The Second Department determined plaintiff-son’s complaint seeking an injunction prohibiting his mother (defendant) from transferring any property mother inherited from father (Vitus) was properly dismissed. Mother and father, by contract, agreed not to modify or revoke their wills without the “mutual written consent of the parties.” The court found there was no contractual impediment to mother’s transferring (the inherited) property after father’s death and plaintiff could not maintain a breach of contract action during defendant’s lifetime:
Contrary to the plaintiff’s contention, there is nothing in the unambiguous language of the agreement which prevents the defendant from making inter vivos gifts or transfers of assets she inherited from Vitus’s residuary estate … . Accordingly, the Supreme Court correctly, pursuant to CPLR 3211(a)(1), directed dismissal of the causes of action for injunctive relief and breach of contract to the extent that they are based on any past and future inter vivos transfers of any property inherited by the defendant from Vitus’s residuary estate.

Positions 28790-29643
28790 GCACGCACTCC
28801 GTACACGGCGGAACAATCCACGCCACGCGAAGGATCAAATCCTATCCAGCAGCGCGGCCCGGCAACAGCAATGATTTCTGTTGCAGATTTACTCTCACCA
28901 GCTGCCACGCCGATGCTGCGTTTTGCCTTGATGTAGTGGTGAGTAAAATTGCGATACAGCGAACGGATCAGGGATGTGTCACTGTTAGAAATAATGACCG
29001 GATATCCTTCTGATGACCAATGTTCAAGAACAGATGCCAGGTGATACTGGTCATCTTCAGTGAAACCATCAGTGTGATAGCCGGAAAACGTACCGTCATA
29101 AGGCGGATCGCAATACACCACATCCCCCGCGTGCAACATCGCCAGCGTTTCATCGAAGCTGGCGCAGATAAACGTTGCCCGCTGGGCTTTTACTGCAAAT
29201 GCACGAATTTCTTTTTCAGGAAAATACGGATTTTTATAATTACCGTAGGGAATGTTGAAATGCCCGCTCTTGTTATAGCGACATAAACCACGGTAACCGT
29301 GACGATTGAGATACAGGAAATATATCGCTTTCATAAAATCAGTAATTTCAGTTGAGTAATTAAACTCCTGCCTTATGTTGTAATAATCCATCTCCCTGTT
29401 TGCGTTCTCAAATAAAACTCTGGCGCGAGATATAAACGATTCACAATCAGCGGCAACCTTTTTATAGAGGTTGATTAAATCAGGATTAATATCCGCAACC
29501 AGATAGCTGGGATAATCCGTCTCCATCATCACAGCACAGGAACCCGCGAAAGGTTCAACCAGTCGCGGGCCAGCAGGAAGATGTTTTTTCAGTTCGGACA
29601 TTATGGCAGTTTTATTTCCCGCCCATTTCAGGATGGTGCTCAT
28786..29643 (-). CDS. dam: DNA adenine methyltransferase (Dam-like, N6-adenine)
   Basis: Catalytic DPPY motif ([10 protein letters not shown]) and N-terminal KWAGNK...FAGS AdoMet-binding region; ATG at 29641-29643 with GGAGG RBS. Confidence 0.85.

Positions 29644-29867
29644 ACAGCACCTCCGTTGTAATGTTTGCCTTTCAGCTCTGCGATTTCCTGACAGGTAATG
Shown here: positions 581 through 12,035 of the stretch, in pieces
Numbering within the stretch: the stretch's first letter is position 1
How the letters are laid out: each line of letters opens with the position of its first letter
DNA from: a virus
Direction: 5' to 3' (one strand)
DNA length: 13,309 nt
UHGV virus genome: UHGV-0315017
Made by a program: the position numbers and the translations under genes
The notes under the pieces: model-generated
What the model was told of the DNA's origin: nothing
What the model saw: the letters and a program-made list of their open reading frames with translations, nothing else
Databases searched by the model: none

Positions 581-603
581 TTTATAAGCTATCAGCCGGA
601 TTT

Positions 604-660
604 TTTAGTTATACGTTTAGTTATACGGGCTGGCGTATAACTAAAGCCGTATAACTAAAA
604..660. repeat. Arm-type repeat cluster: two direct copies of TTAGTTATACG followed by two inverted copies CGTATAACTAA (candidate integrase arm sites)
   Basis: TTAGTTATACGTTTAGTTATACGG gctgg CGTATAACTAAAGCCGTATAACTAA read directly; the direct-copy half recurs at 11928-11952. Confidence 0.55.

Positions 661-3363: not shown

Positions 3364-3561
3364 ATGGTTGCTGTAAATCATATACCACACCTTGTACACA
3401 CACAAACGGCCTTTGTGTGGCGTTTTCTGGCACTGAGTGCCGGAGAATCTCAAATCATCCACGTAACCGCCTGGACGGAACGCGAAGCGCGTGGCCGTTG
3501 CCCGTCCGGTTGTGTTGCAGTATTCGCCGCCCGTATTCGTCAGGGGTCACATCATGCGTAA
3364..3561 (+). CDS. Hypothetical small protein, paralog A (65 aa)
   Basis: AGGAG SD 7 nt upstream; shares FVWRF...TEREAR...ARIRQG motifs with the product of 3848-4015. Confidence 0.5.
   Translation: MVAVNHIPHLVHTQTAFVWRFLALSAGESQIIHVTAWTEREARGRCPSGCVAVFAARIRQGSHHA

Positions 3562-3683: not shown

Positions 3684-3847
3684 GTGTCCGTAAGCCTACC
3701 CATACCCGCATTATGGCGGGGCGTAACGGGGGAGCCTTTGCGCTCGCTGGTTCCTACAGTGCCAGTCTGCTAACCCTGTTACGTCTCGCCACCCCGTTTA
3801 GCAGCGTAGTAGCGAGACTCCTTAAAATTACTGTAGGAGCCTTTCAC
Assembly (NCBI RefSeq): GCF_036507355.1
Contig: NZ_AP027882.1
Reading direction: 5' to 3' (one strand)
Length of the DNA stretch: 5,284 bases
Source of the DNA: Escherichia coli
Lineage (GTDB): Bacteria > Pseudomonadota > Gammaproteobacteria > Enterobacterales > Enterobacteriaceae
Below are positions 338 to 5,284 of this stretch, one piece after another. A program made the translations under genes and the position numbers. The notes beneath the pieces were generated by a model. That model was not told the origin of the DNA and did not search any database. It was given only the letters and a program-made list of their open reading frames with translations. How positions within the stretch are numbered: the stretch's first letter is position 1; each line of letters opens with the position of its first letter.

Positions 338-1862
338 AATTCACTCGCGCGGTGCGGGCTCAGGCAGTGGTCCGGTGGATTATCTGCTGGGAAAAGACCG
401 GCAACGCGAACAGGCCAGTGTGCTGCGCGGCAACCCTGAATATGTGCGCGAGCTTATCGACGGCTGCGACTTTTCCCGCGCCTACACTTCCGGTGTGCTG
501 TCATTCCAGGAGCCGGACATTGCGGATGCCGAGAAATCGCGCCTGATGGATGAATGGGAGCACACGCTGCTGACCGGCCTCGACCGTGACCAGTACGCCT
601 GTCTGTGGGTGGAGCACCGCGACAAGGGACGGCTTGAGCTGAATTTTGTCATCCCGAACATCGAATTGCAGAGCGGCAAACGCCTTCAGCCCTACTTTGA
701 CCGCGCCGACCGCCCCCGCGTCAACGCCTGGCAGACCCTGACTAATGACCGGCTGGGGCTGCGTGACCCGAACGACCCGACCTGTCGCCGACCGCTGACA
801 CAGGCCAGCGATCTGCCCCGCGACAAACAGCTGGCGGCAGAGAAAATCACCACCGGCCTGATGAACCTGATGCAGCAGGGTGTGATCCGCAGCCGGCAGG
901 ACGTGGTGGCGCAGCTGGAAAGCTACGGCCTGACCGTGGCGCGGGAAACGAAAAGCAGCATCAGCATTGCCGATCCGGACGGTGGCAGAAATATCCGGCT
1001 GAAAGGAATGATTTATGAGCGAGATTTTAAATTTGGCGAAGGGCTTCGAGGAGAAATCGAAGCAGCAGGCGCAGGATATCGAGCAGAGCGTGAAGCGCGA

Accepting the facts as alleged in the complaint as true, and according the plaintiff the benefit of every possible favorable inference (see CPLR 3211[a] …), the Supreme Court correctly directed the dismissal of the complaint to the extent that it sought to enjoin the defendant from breaching the agreement by revoking or modifying her will or executing a new will. During the defendant’s lifetime, the plaintiff is precluded from maintaining an action predicated upon a breach of the agreement as it relates to the defendant’s promise not to revoke or modify her will or execute a new will … . Tretter v Tretter, 2017 NY Slip Op 03982, 2nd Dept 5-17-17
TRUSTS AND ESTATES (AFTER FATHER’S DEATH, SON COULD NOT SEEK AN INJUNCTION AGAINST MOTHER AND SUE MOTHER FOR BREACH OF CONTRACT BASED UPON MOTHER AND FATHER’S AGREEMENT NOT TO MODIFY OR REVOKE THEIR WILLS WITHOUT THE MUTUAL CONSENT OF THE PARTIES)/CONTRACT LAW (TRUSTS AND ESTATES, AFTER FATHER’S DEATH, SON COULD NOT SEEK AN INJUNCTION AGAINST MOTHER AND SUE MOTHER FOR BREACH OF CONTRACT BASED UPON MOTHER AND FATHER’S AGREEMENT NOT TO MODIFY OR REVOKE THEIR WILLS WITHOUT THE MUTUAL CONSENT OF THE PARTIES)